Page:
It is easy to ignore minor problems with your home. You’re cozy, enjoying life, and most of the time that to-do list can stay out of sight and out of mind. Unfortunately, if you don’t take a couple hours per year to review your home and complete repairs while they are small, those minor issues will grow up to be major pains that can cost thousands of dollars. Maximize your investment by having an annual home maintenance action plan!
As Paul Frost likes to say, “The day a home is finished being built, it starts deteriorating”. This is true, but, you can freeze that deterioration in place with a great home maintenance action plan.
So what does a home maintenance action plan look like? Start with your home inspection report. The home inspector went through the primary systems of your home, and probably created a great starter to-do list for you. Get that report out, list all of the items that were mentioned as needing attention and prioritize them. They will fall into the following categories and you can keep this format going forward. Keeping records of your completed home maintenance brings terrific peace of mind to the next buyer of that home which helps you maximize your sale price!
- Exterior; siding, doors, windows, decks, sidewalks, drainage, and driveways.
- Roofing and Attic.
- Plumbing supply and drains.
- Heating, Ventilation, and Air Conditioning
- Structural and Basement
- Fireplaces and Fuel Burning Appliances
- Detached Garages, Fences, Sheds and Landscaping
Often, when a seller moves out and the buyer moves in, things will change. There are weather related events, a hole in the wall from the moving company, mold growth in the home if the air conditioner was left off during high humidity days, a valve starts leaking when appliances are moved or cabinets are cleaned out, or you’ll find something that was concealed by the previous owners belongings… Add these new items to your home maintenance list, and start creating an action plan for repairs. If you have an Evergreen Property Inspectors report, start with the items categorized as “Safely items”, then “Action Items”, then move on to the “Monitor or Repair” items.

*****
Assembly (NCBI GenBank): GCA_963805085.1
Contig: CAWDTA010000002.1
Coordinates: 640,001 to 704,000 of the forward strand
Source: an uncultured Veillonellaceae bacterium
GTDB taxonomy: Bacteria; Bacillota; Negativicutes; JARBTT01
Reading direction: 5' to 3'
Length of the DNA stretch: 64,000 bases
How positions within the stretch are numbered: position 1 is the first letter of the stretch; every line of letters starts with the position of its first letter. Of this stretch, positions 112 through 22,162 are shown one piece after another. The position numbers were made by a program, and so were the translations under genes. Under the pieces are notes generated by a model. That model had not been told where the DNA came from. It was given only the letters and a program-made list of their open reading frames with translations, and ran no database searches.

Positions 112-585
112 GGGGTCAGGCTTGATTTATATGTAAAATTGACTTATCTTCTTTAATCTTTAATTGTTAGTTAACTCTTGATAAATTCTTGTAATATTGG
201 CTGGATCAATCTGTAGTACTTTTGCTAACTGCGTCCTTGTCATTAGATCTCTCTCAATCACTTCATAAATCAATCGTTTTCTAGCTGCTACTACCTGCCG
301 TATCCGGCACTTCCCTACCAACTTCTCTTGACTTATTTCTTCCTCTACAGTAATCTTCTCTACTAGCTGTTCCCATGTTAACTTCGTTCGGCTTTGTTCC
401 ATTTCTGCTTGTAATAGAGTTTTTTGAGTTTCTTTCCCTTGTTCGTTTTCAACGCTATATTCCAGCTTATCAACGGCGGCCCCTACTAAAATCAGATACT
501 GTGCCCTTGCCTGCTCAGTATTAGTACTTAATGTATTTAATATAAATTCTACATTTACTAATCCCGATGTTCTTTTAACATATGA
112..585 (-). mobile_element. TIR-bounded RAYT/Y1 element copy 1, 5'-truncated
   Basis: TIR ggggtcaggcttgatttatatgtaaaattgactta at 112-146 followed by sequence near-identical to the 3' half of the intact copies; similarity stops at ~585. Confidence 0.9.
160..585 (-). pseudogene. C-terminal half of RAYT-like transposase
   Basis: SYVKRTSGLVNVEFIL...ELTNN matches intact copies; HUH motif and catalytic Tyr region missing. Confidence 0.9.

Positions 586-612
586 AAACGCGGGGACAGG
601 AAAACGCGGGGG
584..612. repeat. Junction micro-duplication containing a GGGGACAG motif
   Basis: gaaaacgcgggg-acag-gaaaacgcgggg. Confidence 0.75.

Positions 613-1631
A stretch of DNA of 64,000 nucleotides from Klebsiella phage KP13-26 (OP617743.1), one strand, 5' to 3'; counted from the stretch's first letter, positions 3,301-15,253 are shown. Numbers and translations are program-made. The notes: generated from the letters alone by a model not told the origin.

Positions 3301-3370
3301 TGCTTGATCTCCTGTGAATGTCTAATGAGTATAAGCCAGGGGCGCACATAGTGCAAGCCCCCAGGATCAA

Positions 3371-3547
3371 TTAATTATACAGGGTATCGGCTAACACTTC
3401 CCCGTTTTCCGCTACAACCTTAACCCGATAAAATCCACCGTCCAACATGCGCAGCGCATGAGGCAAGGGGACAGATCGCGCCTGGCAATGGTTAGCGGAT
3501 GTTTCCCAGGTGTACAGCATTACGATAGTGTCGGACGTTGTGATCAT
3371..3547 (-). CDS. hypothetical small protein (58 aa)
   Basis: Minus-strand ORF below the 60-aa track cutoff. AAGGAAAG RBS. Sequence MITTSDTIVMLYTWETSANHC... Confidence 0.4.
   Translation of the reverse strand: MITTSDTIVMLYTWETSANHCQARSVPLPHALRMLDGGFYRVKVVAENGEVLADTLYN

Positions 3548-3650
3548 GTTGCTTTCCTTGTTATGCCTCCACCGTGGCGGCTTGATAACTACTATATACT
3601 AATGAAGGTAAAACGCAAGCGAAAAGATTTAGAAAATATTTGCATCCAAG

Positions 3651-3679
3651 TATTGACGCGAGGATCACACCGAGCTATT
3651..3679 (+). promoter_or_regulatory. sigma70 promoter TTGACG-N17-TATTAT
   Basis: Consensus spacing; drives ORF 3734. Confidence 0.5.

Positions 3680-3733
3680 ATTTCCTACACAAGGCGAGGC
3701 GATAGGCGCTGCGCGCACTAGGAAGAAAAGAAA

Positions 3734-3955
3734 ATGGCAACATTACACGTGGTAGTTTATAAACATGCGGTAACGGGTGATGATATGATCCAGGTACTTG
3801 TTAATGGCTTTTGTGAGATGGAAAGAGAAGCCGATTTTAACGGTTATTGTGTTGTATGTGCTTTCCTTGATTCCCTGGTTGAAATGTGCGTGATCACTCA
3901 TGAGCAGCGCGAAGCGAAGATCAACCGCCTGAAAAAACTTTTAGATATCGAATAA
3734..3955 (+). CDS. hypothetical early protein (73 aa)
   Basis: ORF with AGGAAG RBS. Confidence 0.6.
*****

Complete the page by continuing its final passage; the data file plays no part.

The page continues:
Your checklist upon moving in to your home:
- Smoke and CO detectors: Start by replacing these if you are not sure they are new models, then test monthly.
- Gas powered appliances: If the seller removed any gas appliances and your are replacing them with electric models, the seller may have left open lines. Ensure that these are properly terminated by a professional to minimize the risk of a gas leak.
- Check the caulking in the bathrooms and kitchen to control water spills and humidity from seeping into the underlayment.
- Know where your water lines are located and be sure to winterize exterior lines and faucets when cold weather arrives.
- If you have a sump pump in the basement or crawlspace you will want to monitor this during the first few heavy rains to make sure that the pump works as intended and then test every six months. A water alarm is also recommended.
- Check and replace water supply lines to sinks, toilets and the refrigerator. These should be braided stainless steel and remember that refrigerator lines are frequently damaged when moving. Slow leaks are the worst as the water may be leaking where you can’t see it.
- Check your rain gutters and exterior drains during the first few heavy rains as these can become clogged by debris as seasons change.
- Monitor your furnace air filter as it plays a huge role in energy efficiency.
- Create a list of Service Providers for emergency repairs (i.e. plumbers, HVAC etc.)
Keeping exterior trim and gaps around windows and doors properly caulked and painted is a huge annual maintenance items. Siding material often keeps an exterior looking great while all sorts of rot is happening behind that wall cladding. Choose a time of year, and do your own inspection or hire a professional to provide an annual review of the home so you can address issues quickly.